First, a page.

4/3/2001 12:00:00 AM - Jacob Sullum
The federal government argues that allowing sick people to obtain marijuana for medicinal use will make the drug laws impossible to enforce. Seeking to shut down the Oakland Cannabis Buyers' Cooperative, it warns that "drug traffickers, acting under the guise of 'medical necessity,' will be able to manufacture and distribute marijuana with impunity."
Although the Supreme Court seemed receptive to such claims when it heard oral arguments in the case at the end of March, the government's fears have not been realized in California, where voters approved a proposition sanctioning the medical use of marijuana five years ago. Growers and distributors are still convicted under state law, and the proposition does not seem to have affected overall marijuana use.
Drug warriors are wrong to think that letting patients use marijuana to relieve nausea, restore appetite, alleviate pain, or control spasms will inevitably lead to free availability of the drug for all uses. They are also wrong to imply that such an outcome is the real
goal of medical marijuana advocates -- who, according to Clinton drug czar Barry McCaffrey, are perpetrating "a cruel hoax" on sick people to advance the cause of legalization.
Many patients really do get relief from marijuana that they cannot obtain from legal alternatives, either because those drugs don't work for them or because they can't stand the side effects. The U.S. Court of Appeals for the 9th Circuit observed that the government "has offered no evidence to rebut (the Oakland cooperative's) evidence that cannabis is the only effective treatment for a large group of seriously ill individuals."
Still, the drug warriors are right to be worried. Their inflexibility on this issue has made it easy to portray them as heartless fanatics who'd rather let someone's grandmother waste away while undergoing chemotherapy than concede that there might be anything good to be said about marijuana.
The medical marijuana debate has also called attention to the arbitrariness of the government's drug distinctions. When doctors can prescribe cocaine and morphine, it's hard to understand why marijuana is completely off-limits.
A week before the Supreme Court heard the Oakland case, the Drug Enforcement Administration officially rejected a petition to move marijuana out of Schedule I, the most restrictive drug category. The DEA argued that marijuana meets the criteria for Schedule I because it has "no currently accepted medical use" (not surprising, since it's illegal) and "a high potential for abuse" (with abuse defined as illegal use).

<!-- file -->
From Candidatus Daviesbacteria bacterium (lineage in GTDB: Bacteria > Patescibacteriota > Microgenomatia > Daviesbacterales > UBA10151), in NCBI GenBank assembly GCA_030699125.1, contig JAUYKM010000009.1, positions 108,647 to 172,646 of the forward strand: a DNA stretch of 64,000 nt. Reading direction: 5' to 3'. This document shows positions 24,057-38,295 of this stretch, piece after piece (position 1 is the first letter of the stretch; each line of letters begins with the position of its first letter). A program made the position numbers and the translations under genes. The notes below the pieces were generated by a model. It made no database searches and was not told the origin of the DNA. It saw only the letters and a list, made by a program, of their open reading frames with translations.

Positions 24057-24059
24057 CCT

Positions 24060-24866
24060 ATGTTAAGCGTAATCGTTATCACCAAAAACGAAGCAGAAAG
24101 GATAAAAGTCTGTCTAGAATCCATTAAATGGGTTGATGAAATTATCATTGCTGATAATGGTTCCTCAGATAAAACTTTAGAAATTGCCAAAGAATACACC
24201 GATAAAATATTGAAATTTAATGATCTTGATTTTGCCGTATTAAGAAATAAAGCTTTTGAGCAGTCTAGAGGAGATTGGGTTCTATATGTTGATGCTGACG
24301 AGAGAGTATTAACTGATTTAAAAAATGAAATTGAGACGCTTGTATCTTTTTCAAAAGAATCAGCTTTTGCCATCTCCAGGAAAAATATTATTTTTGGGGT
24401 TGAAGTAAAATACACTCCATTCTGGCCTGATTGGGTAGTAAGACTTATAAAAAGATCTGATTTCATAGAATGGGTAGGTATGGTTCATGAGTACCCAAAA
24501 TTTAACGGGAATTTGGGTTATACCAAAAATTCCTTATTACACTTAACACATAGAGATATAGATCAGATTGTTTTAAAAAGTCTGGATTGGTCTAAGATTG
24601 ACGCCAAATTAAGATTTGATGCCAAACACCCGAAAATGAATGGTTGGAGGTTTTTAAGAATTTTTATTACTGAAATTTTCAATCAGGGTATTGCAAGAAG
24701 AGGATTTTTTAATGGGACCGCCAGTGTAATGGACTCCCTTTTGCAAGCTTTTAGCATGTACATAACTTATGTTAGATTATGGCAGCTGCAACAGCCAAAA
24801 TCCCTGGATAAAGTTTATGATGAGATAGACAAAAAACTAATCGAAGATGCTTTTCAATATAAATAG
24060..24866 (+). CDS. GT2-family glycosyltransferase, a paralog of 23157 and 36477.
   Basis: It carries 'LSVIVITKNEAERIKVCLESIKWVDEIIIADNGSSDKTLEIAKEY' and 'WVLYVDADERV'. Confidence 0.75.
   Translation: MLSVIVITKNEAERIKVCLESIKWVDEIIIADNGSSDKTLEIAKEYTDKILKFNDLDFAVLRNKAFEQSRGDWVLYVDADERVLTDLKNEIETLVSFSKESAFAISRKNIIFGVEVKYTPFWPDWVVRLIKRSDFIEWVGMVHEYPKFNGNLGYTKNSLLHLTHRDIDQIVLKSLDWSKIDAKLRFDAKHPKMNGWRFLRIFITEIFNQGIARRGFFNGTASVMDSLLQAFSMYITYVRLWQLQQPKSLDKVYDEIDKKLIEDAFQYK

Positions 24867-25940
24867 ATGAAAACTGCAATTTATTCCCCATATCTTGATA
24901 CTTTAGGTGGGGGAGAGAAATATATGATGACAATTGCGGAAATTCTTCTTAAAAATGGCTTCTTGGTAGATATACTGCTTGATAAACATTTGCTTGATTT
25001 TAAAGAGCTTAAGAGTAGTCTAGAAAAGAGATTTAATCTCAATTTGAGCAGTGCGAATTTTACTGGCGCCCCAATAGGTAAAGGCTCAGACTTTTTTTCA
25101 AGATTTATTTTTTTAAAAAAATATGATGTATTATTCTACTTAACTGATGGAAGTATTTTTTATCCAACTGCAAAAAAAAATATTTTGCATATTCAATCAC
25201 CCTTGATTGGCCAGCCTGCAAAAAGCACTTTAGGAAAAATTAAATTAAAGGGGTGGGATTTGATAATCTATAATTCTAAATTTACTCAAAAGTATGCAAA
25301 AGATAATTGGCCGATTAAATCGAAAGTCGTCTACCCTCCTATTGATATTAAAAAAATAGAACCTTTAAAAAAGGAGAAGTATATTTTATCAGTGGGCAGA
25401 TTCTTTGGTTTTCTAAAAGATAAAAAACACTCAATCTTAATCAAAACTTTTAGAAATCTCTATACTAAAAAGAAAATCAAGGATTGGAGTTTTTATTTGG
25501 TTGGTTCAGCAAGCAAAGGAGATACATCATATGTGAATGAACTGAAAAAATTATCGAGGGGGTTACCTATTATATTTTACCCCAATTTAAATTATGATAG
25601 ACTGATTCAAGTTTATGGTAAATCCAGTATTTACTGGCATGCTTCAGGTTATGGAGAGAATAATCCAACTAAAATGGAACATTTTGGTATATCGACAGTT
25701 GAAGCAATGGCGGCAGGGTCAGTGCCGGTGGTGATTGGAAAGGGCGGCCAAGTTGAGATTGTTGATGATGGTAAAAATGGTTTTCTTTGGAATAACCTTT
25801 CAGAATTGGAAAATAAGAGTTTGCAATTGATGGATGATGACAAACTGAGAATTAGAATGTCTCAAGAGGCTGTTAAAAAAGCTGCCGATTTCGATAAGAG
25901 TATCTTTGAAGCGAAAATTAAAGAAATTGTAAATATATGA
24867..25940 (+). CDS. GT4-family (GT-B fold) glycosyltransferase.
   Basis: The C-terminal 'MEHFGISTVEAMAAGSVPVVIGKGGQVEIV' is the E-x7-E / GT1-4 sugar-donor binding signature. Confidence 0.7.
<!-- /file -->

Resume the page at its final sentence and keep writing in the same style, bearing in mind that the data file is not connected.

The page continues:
Considering the pros and cons of marijuana as a medicine tends to reveal myths as well as circular reasoning. When the National Academy of Sciences prepared a report on the issue at Barry McCaffrey's request, it concluded not only that there was substantial evidence of marijuana's therapeutic utility, but that the drug's dangers had been greatly exaggerated.
When it came to marijuana's potential side effects, the main concern of the report's authors was not "amotivational syndrome" or brain damage or heroin addiction -- commonly alleged hazards for which they found little or no evidence. Rather, they were worried about the respiratory effects of smoking, of particular concern with frail patients who use the drug frequently.
Instead of endorsing cannabis as a medicine, the NAS panelists called for the development of inhalers that could rapidly deliver measured doses of marijuana's active ingredients (THC and possibly one or two other chemicals) without the toxins generated by burning the plant. In the meantime, they said, marijuana should be available to patients with no viable alternatives -- the same sort of people who would be covered by a "medical necessity" defense.
Nine states, including California, allow patients to use marijuana, and their laws will still apply to state and local police and prosecutors (who handle the vast majority of marijuana cases) even if the Supreme Court rules against the Oakland club. But the prospect of a THC inhaler suggests that the viability of the medical marijuana issue will be limited.
Once there's a legal alternative that's safer than smoked marijuana and works just as well, reformers with a broader agenda will have to proceed without the sympathetic attention generated by cancer and AIDS patients. They will have to defend marijuana as an intoxicant rather than a medicine, thereby alienating anyone who thinks pot smoking is acceptable only in special circumstances. At that point the drug warriors will breathe a sigh of relief, and the reformers may regret all that talk about medical necessity.